If the unit has a 6v battery (3 cell) or 8v battery (4 cell) but also uses a 9v or has the option of a 9v battery in the back of the console:
Using a known good (test if necessary) 9v battery in the back of the console, see if the console will light up and operate. If the console does light up and the unit will operate, then it is likely the 6v battery (3 cell) or 8v battery (4 cell) did not have sufficient voltage to power the console on its own. The 6v battery (3 cell) or 8v battery (4 cell) may recharge with use of the unit. If the battery does not recharge or hold a charge, it should be replaced.
CAUTION: PINCH HAZZARD - Battery/Alternator test performed while pedaling on the unit. Make sure all parts and persons are clear of all moving parts. Use a voltmeter and connect to the 6v (3 cell) or 8v (4 cell) battery (located beneath the plastic shrouds). Stride on the unit. Does the battery voltage climb?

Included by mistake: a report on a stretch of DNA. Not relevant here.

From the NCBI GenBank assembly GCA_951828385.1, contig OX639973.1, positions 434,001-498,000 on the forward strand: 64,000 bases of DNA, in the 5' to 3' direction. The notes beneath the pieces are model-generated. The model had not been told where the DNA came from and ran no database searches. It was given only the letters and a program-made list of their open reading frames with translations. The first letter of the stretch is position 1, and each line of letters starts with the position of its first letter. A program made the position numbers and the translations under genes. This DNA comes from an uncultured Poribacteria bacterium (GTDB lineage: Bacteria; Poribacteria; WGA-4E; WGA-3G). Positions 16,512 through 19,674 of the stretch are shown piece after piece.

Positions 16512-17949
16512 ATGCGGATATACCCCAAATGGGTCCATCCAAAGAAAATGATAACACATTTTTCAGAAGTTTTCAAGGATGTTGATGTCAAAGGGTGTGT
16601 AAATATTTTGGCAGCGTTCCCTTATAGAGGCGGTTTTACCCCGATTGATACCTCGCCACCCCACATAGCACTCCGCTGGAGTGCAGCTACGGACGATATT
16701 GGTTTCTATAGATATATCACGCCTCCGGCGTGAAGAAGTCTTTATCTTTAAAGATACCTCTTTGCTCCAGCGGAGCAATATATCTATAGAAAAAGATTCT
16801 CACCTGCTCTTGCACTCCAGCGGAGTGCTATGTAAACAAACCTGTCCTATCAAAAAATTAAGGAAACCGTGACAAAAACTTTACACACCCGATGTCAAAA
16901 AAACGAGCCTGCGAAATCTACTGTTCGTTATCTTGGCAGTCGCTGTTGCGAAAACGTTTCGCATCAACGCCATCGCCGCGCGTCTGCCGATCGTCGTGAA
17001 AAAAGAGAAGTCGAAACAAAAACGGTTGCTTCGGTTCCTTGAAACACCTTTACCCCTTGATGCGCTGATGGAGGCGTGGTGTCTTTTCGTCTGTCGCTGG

If yes, then the alternator is good. You have confirmed the alternator is putting out voltage which goes through the ACB (Altenator Control Board) and the ACB (Alternator Control Board) is sending the voltage to the battery.
Using an ohmmeter, check for continuity in the data cable that connects the ACB (Alternator Control Board) to the console.
You test this by locating each end of each wire in the data cable and probe into each end with a lead from your ohmmeter. Set the ohmmeter on the lowest ohm setting. A reading of any value near zero confirms continuity. If continuity cannot be confirmed at any tested point, the cable should be replaced.
Swap the console with a working machine.
If the problem follows the console, it needs to be replaced.
Swap the ACB (Alternator Control Board) with a working machine.
If the problem follows the ACB, it needs to be replaced.